The Bill Cosby scandal, explained

Comedian Bill Cosby speaks during the celebration of the 55th anniversary of a Washington institution Ben's Chili Bowl on August 22, 2013 in Washington, DC. (Photo Courtesy of Olivier Douliery/Abaca Press/MCT) Comedian Bill Cosby speaks during the celebration of the 55th anniversary of a Washington institution Ben's Chili Bowl on August 22, 2013 in Washington, DC. (Photo Courtesy of Olivier Douliery/Abaca Press/MCT)

Over the Thanksgiving weekend, Netflix was positioned to premiere a new stand-up special from comedian Bill Cosby. Titled "Bill Cosby 77," the special was taped this summer on the 77th birthday of the comedy pioneer, whose NBC hit "The Cosby Show" proved to be very influential in how Americans talked about race in the wake of the civil rights movement.

If you go onto Netflix right now, you will find that Bill Cosby's return to the stage is nowhere to be found. This is not by accident or even a mere case of rescheduling — Netflix will not be distributing "Bill Cosby 77" on its streaming service, at least not any time soon.

Instead of talking about what Cosby has to say in his old age about pudding pops and how low the youth wear their pants, we are now talking about something as disappointing as it is surprisingly common. A beloved sitcom star, who may as well be a surrogate parent to millions who grew up during his heyday, has seen his public persona turn from the embodiment of "Dad" to the face of one of the most heinous crimes imaginable.

More than a dozen women (and counting) who have nothing to gain from coming forward have said Bill Cosby used his immense power and access to rape without consequence.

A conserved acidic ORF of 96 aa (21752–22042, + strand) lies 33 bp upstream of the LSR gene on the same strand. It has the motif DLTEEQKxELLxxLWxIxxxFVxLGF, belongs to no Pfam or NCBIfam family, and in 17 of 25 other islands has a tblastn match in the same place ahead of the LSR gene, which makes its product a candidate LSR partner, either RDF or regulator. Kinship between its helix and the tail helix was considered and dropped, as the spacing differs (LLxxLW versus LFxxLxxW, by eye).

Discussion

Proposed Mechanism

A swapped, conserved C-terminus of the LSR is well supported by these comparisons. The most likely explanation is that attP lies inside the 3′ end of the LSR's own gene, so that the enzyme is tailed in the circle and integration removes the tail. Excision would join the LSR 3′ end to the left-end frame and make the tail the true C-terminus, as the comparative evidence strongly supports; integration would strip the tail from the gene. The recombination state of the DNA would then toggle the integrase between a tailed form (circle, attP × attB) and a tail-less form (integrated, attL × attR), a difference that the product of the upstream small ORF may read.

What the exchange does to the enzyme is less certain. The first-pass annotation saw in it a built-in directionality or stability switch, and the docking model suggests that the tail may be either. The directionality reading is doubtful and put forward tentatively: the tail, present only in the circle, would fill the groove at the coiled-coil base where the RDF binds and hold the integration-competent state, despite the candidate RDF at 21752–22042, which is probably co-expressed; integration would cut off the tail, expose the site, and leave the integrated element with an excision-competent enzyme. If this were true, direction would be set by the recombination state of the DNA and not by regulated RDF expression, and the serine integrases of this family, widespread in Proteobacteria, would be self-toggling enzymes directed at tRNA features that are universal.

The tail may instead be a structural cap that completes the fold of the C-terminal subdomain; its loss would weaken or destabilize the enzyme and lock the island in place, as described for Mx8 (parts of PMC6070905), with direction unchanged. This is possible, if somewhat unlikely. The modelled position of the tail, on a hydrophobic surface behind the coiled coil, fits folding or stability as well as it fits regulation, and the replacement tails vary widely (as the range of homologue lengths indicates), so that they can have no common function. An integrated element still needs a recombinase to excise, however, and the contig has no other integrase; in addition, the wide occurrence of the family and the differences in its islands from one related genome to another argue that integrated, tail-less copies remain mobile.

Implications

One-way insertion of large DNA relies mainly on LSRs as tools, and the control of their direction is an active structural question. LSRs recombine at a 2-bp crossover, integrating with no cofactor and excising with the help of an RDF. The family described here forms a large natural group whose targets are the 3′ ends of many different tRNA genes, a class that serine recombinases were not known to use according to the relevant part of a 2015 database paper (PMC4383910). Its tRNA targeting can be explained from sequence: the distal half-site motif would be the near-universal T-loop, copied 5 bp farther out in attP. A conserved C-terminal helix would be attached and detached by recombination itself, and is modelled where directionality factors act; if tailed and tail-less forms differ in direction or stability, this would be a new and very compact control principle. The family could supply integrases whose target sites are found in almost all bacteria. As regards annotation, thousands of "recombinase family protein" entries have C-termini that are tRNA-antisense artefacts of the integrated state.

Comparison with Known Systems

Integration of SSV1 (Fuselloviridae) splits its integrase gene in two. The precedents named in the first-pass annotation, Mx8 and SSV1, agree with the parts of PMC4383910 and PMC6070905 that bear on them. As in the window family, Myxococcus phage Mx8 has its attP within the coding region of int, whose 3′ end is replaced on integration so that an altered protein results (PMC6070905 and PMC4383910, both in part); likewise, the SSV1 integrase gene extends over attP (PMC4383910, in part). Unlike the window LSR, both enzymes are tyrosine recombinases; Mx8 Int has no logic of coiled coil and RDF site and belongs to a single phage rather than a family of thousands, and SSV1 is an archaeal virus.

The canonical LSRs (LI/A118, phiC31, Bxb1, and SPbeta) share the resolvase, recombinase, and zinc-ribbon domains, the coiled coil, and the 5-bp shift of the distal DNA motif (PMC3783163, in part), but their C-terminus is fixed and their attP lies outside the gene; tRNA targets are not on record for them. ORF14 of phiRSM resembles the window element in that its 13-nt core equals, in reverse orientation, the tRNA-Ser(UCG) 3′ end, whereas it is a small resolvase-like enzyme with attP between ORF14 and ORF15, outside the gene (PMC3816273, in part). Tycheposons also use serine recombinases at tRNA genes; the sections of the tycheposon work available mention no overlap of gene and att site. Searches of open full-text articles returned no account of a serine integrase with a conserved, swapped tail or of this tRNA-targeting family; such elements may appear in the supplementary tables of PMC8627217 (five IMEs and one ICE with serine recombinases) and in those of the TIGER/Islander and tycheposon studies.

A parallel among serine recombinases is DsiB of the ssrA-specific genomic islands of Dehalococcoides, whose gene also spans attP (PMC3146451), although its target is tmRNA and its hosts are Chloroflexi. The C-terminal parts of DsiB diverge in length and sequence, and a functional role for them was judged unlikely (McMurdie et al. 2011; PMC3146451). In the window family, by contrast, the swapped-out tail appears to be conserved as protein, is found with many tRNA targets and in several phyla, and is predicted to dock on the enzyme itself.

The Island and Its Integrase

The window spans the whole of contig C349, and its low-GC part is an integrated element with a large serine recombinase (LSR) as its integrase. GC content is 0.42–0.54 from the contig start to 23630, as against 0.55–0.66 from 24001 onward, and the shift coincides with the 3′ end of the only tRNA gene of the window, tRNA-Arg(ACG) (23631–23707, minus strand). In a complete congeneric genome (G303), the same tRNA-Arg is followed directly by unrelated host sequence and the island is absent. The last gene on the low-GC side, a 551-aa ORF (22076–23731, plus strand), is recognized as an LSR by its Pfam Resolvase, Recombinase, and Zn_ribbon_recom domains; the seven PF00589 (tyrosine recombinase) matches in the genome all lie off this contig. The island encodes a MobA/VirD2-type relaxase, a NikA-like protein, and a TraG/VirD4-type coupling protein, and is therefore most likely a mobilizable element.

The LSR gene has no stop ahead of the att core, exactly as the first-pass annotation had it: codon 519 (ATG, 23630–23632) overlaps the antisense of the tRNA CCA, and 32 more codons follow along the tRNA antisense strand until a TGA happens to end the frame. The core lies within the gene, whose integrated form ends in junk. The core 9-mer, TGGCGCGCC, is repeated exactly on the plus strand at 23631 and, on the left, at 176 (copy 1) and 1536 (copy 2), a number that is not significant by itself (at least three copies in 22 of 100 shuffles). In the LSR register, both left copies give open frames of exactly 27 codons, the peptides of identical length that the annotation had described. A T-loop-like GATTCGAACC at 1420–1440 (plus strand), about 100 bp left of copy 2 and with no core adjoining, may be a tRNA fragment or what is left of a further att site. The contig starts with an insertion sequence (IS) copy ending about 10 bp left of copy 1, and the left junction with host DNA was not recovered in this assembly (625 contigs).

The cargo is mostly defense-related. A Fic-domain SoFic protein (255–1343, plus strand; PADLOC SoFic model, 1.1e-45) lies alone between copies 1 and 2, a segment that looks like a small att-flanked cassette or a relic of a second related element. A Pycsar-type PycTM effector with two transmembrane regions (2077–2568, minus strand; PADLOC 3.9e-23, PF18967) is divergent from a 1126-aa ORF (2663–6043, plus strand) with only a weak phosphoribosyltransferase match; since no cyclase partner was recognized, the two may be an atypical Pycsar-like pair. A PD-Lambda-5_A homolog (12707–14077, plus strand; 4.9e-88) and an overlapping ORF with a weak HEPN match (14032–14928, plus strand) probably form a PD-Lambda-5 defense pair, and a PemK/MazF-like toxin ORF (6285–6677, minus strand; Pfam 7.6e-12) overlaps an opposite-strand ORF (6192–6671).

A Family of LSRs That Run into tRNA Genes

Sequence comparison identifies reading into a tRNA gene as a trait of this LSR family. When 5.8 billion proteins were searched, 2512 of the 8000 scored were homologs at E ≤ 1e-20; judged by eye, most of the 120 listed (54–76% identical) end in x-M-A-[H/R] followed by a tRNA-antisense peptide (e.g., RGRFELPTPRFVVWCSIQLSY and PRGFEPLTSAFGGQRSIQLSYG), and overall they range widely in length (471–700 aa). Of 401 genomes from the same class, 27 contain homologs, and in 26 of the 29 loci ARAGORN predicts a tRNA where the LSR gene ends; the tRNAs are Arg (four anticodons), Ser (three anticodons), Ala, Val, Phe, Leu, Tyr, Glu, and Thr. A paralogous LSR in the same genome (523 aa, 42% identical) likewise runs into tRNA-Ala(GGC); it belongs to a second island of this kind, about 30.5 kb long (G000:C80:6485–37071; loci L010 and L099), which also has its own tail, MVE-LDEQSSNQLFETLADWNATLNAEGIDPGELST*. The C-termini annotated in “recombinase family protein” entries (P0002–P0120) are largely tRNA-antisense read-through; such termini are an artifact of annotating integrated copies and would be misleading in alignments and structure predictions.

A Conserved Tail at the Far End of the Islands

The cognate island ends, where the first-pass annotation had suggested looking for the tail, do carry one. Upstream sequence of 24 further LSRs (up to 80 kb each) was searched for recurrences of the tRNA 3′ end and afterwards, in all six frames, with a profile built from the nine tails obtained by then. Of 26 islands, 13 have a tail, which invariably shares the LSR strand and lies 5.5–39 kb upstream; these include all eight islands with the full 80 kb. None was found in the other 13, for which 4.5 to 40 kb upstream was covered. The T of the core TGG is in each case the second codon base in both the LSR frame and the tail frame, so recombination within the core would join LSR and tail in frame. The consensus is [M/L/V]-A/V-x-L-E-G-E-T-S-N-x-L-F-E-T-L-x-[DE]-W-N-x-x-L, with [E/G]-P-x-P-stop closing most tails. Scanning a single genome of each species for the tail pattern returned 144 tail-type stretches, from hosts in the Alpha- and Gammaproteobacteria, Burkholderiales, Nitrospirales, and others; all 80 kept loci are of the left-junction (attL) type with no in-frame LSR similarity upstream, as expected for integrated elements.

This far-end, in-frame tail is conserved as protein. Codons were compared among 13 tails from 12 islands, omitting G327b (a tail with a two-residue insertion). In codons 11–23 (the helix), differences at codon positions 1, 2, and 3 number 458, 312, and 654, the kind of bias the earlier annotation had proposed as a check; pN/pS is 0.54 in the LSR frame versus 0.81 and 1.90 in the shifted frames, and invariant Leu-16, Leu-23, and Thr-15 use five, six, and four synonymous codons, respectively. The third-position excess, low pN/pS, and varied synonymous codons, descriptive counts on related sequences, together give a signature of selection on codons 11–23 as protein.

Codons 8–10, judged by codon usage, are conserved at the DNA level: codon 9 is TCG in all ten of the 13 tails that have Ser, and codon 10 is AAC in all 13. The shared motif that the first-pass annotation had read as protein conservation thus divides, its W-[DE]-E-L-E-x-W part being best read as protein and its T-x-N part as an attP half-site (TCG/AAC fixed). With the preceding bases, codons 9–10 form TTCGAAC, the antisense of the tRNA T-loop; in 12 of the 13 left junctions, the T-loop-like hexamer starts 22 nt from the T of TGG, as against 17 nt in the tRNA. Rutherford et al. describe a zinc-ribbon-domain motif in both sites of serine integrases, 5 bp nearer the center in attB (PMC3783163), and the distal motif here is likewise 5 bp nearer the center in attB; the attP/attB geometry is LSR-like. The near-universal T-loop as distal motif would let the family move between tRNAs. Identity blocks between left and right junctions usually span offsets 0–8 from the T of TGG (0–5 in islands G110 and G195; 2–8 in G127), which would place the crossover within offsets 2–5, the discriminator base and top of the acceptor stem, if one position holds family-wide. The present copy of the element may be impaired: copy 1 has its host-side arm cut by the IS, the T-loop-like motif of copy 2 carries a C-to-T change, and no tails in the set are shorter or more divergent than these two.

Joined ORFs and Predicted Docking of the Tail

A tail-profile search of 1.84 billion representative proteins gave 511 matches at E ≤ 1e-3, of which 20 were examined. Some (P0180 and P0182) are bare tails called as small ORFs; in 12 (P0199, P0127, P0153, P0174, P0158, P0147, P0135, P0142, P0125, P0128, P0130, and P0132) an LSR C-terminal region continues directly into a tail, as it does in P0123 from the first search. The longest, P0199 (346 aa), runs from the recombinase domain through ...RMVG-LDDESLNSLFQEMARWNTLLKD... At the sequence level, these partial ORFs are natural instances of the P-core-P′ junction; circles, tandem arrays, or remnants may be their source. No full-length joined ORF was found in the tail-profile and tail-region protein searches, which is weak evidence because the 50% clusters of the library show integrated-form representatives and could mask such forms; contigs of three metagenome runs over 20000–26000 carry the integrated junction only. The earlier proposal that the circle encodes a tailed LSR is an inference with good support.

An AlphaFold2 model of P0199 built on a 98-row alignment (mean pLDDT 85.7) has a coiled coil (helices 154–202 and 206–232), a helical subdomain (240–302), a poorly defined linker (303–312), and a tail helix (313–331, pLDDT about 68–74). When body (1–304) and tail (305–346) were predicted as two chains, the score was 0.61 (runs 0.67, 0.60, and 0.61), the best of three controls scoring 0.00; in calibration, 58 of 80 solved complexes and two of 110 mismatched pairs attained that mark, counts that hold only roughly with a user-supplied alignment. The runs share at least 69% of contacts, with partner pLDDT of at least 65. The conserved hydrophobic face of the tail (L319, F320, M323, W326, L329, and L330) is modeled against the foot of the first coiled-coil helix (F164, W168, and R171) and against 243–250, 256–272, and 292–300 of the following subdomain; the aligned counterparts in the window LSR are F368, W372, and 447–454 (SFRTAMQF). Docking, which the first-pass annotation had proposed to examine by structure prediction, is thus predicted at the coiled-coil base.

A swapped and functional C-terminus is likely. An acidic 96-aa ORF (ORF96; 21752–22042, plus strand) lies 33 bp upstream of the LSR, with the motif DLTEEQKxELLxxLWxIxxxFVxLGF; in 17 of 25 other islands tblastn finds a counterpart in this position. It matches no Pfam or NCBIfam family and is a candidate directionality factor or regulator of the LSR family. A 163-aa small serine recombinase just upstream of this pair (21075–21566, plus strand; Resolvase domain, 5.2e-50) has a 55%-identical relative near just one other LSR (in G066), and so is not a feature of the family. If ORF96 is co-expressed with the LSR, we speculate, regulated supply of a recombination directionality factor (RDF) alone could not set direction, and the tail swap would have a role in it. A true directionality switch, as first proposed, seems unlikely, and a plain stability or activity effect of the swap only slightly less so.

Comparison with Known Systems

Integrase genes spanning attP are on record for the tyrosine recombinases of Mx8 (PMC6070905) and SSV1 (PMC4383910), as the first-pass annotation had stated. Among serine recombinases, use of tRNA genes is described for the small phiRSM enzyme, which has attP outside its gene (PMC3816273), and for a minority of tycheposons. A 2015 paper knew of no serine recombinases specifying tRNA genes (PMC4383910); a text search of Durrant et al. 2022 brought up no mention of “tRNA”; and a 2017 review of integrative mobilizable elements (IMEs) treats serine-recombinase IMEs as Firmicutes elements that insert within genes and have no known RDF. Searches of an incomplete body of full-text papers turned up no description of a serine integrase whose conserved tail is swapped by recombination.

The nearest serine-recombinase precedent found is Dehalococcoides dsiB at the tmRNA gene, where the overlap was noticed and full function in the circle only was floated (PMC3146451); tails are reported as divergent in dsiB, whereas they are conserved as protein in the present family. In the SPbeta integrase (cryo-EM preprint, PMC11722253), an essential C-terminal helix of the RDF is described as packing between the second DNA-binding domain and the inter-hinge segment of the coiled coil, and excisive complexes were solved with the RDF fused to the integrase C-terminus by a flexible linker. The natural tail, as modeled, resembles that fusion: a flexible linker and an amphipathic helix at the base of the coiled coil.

The sudden public outrage against Cosby has resulted in backlash from the seedier parts of your Facebook and Twitter feeds, with people desperate to believe that many independent parties are conspiring to defame the namesake of their favorite ironic sweater. Type the words "why did they wait cosby" into Twitter's search form and you will find a never ending stream of people defending Cosby. "Why did they wait?"

Blame these people for having a terrible memory, or even blame the media for framing the narrative in the present tense. Either way, the question is the result of a misunderstanding. While some have come out in the wake of this most recent wave of attention, most of these accusations were made years ago. In 2005, 13 women anonymously agreed to testify against Cosby in a sexual abuse case. As these things tend to go, it was settled out of court.

This creates another question, one that's less easy to dismiss people for asking: "Why now?"

While Cosby's 2006 denial of any wrongdoing was deemed suitable to wash his hands of the incidents, that was while social media remained in its infancy. A lot has changed since then, including the notoriously insular (and male) comedy community that has fostered Cosby for half a century.

The current firestorm, which has resulted in reruns of "The Cosby Show" being pulled and NBC to halt development on Cosby's newest sitcom project, can be traced back to a stand-up performance by comedian Hannibal Buress, who has become very popular due to the progressive racial and sexual commentary in his work and his supporting role on Comedy Central's "Broad City." In his performance, he told the audience to look into the allegations against Cosby, which they did. Google searches about Cosby spiked.

It may have ended there if Cosby's PR team did not inadvertently stoke the flames. As the scandal percolated on social media, the official Bill Cosby Twitter account invited people to create "#CosbyMemes" with an online generator. This immediately backfired as almost every instance of meme creation referenced the sexual assault allegations. Considering the pro-feminist, anti-rape stance of Twitter's most influential users, it's no wonder this did not go well.

Cosby has not spoken publicly about the new wave of allegations, though his lawyers are sticking to the stance they took years ago. It is not likely that he will receive any legal action against him, as rape charges are often impossible to prosecute with the passage of time and the decay of physical evidence.

It remains to be seen how the court of public opinion will see Cosby as this story fades away in favor of issues like Ferguson. Some media critics suggest that Cosby is "done," while at the same time it would not be unprecedented for an alleged rapist to see the public fall back in love with him. After all, Mike Tyson made a cameo in a "Hangover" movie and now he has a hit TV show. Only time will tell.

 

Reach the reporter at zheltzel@asu.edu or follow him on Twitter @zachheltzel

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